The Chronic Kidney Disease Epidemiology Collaboration (CKD-EPI) proposed in 2009 a new equation for estimated glomerular filtration rate (eGFR). The new equation promised less bias and improved precision compared to the Modification of Diet in Renal Disease (MDRD) equation most labs use. This issue of Strategies explores recent research from the collaboration that examined how well the new equation predicts risk of end-stage renal disease and death.
Clinicians and laboratorians have understood for some time that the MDRD equation is far from perfect, and especially that it tends to underestimate GFR at higher values. The CKD-EPI equation uses the same four variables—age, race, sex, and serum creatinine—but applies different coefficients. Previous studies that examined the new equation found that, compared to MDRD, the CKD-EPI equation had lower bias at eGFR greater than 60 mL/min. One of the most significant differences in the new equation was the use of a mathematical function called a spline term. It is this adjustment that compensates somewhat for the limitations of serum creatinine and reduces bias in the higher range of eGFR. However, evidence was lacking for how well the new equation would predict clinical risk in diverse populations.
Seeking to extend the result of previous studies and address these concerns, Kunihiro Matsushita, MD, PhD, of Johns Hopkins University in Baltimore, and colleagues of the Chronic Kidney Disease Prognosis Consortium conducted a study comparing how well the CKD-EPI and the MDRD equations predicted risk for adverse outcomes (JAMA 2012;307:1941-1951). Their meta-analysis drew on data from 1.1 million adults in 25 general population cohorts, 7 high-risk cohorts of vascular disease, and 13 (CKD cohorts, and included participants from 40 countries or regions of Asia, Europe, North and South America, the Middle East, and Oceania.
The researchers classified eGFR into six categories for each equation: ≥90, 60-89, 45-59, 30-44, 15-29, and <15 mL/min/1.73 m2. They found that the CKD-EPI equation reclassified nearly one-fourth of participants to a higher eGFR category compared with the MDRD Study equation, thus lowering the prevalence of CKD in all cohorts except for the elderly. In the general population cohorts, CKD-EPI reclassified 24.4%, in the high-risk cohorts 15.4%, and in the CKD cohorts 6.6%. Only a small fraction, 0.6%, of participants were reclassified to a lower category.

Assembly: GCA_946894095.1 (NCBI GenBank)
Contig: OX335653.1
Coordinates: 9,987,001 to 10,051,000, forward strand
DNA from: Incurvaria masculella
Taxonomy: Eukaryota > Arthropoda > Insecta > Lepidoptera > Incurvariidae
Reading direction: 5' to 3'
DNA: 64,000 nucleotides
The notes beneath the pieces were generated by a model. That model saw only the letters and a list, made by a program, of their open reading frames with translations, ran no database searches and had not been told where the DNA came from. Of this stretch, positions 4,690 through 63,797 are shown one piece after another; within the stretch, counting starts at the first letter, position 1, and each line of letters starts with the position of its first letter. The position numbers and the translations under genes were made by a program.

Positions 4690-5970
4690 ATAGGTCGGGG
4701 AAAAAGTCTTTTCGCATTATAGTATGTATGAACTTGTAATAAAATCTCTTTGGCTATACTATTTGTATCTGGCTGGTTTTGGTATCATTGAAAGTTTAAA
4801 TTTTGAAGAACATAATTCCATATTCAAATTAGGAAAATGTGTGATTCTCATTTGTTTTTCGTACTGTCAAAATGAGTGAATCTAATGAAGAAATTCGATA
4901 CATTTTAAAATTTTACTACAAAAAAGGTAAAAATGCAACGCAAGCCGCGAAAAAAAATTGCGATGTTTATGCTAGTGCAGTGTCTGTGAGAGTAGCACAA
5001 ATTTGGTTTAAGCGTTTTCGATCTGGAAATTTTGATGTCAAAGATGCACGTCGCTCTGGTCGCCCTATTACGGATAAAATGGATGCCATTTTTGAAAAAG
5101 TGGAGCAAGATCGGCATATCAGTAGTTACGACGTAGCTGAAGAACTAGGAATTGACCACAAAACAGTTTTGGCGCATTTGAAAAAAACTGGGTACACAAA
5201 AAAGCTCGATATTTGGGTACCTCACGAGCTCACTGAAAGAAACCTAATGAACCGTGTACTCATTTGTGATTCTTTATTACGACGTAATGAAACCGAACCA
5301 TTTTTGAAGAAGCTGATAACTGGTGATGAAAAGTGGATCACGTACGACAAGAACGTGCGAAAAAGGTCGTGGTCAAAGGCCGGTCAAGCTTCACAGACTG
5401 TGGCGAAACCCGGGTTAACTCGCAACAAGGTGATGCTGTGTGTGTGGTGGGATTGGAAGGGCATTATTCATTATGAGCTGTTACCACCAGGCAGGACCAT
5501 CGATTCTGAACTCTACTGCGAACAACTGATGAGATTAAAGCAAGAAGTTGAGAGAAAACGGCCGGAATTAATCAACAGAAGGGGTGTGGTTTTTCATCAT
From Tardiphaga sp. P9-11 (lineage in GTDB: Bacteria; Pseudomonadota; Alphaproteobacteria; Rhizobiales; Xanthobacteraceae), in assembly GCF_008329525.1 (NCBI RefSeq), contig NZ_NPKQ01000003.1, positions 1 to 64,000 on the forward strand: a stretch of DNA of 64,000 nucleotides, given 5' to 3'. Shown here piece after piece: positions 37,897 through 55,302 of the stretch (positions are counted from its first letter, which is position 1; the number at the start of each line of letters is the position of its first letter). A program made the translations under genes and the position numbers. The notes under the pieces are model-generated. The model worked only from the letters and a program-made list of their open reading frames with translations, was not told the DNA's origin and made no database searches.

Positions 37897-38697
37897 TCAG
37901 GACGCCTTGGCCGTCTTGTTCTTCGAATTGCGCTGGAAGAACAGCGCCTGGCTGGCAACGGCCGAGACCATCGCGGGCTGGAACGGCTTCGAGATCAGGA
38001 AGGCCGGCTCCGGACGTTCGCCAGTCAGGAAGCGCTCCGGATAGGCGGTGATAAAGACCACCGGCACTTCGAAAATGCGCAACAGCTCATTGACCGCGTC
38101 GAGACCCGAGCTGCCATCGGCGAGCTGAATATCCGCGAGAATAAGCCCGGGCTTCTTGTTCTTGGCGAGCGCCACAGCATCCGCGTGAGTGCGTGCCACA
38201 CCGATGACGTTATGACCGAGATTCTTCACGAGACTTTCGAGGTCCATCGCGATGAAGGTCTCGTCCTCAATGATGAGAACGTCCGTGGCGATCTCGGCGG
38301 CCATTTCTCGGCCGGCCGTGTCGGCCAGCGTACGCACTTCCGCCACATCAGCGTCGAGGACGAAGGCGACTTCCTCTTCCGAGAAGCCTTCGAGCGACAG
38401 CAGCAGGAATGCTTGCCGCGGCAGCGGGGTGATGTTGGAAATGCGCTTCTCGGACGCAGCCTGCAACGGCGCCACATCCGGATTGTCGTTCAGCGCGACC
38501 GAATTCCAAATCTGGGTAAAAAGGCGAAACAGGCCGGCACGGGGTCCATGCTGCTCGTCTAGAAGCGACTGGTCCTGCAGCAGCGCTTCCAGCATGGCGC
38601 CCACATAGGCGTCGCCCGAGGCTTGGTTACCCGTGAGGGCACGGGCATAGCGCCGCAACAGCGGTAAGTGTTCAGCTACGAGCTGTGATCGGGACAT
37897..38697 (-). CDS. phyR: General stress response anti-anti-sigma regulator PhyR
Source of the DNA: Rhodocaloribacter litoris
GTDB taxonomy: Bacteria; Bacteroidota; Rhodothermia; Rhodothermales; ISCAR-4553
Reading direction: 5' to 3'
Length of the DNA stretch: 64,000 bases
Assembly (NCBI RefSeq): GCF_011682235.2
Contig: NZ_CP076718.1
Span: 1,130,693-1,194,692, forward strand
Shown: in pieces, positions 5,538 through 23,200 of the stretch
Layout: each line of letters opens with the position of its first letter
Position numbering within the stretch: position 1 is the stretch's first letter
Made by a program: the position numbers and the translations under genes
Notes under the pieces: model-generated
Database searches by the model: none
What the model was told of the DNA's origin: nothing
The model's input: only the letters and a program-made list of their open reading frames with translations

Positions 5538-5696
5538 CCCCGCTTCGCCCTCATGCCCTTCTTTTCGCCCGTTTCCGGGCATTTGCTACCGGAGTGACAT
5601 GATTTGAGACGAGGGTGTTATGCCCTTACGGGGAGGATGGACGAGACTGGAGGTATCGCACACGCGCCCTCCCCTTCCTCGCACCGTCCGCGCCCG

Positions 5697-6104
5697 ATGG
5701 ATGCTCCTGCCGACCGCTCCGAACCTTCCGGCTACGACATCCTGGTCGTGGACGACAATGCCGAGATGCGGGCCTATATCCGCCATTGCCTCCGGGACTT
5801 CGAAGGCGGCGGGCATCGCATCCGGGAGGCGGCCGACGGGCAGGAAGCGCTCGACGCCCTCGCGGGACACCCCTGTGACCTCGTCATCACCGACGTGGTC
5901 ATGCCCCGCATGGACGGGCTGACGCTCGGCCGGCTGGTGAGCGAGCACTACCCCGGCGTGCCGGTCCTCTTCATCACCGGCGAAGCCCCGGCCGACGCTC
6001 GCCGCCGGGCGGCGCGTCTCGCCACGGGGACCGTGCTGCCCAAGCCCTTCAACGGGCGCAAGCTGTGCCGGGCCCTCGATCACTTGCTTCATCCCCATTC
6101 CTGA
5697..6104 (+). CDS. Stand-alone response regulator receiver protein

The study also found that those participants whom the CKD-EPI equation reclassified upward had lower risk of mortality and end-stage renal disease (ESRD) compared with those not reclassified, even after adjusting for other factors. In comparison to MDRD, the new equation also pushed down the prevalence of CKD stages 3 to 5 in the general population cohorts to 6.3% versus 8.7%, respectively, and in the high-risk cohorts 14.6% versus 17.7%.
According to Joseph Coresh, MD, PhD, an author of the study, such findings should motive labs to adopt the CKD-EPI equation quickly. As of 2011, only 4% of U.S. labs had switched to the new equation; 92% of labs still used the MDRD equation and 4% used other equations. “We hope that by introducing this definitive data on such a large and unprecedented scale, with more than one million participants, labs can start to move uniformly and quickly to the new equation,” he said. “In some ways, just three years since the equation was first published in 2009 is not a long time. But given the fact that the new equation uses the same variables, I think the community should be able to move more quickly now, and my impression is that the incremental cost of switching is very minimal.” Coresh is a professor of epidemiology and the director of the George W. Comstock Center for Public Health Research and Prevention at the Johns Hopkins Bloomberg School of Public Health.